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Active Teens Build Strong Bones

By Kellie Heywood

Research suggests being physically active in your teens can help develop a stronger bones and a healthier future.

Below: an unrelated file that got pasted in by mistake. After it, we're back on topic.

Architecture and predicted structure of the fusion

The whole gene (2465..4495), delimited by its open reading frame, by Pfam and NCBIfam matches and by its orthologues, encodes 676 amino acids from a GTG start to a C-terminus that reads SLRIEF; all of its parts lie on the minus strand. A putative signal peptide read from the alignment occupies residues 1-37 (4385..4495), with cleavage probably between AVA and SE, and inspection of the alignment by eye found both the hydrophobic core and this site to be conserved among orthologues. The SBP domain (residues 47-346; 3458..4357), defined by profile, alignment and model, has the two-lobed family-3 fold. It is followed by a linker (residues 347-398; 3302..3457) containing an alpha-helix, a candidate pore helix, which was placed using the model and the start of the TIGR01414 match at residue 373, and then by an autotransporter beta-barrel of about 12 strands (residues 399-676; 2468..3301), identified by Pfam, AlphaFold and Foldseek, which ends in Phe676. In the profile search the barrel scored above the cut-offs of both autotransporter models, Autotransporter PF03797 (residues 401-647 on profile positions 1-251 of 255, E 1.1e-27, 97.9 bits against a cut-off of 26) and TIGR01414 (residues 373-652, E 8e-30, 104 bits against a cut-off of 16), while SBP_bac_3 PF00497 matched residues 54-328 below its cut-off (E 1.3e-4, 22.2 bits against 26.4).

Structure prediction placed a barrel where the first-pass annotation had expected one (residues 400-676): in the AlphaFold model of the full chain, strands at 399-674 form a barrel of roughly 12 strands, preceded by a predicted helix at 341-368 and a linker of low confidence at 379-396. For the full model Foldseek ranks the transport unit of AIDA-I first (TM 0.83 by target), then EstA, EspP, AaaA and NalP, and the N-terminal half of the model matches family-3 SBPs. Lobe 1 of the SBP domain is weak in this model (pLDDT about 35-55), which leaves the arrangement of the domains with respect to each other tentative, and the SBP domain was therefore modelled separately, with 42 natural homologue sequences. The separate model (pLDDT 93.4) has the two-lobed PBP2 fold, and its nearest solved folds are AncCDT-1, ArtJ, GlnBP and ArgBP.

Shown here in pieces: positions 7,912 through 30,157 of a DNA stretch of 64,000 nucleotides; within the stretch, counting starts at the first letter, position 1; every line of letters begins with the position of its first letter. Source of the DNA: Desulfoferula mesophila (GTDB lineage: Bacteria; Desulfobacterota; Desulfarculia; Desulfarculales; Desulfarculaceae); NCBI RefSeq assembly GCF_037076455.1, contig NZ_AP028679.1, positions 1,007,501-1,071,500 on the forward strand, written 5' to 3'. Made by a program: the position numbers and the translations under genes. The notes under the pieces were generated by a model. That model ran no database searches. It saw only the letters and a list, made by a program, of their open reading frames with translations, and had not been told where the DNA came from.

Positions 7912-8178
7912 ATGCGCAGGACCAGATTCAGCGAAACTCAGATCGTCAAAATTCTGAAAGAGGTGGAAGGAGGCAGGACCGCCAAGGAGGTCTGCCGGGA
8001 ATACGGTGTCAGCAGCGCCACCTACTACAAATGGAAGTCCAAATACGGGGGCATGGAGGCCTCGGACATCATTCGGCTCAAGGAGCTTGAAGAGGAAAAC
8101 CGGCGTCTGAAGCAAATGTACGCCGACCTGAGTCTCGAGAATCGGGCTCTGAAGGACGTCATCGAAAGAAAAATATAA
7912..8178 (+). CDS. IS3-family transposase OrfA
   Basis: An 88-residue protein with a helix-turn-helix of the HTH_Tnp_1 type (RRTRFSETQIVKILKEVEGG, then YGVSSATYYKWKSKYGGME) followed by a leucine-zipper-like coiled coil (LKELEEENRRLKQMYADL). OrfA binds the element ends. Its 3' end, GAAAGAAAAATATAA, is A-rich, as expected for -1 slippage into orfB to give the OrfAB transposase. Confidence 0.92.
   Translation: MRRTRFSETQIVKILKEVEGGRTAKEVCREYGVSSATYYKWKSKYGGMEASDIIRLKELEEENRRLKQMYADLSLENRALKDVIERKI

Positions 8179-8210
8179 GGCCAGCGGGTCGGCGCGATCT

When you think of osteoporosis, you tend to think of the elderly rather than the young. But while the effects of bone thinning hit hard in later life – 1 in 2 Australian women and 1 in 3 Australian men over 60 years will have an osteoporotic fracture – what we do as children and adolescents may play an important part in reducing the risk of a disease that is a major cause of chronic pain, disability, and loss of independence.

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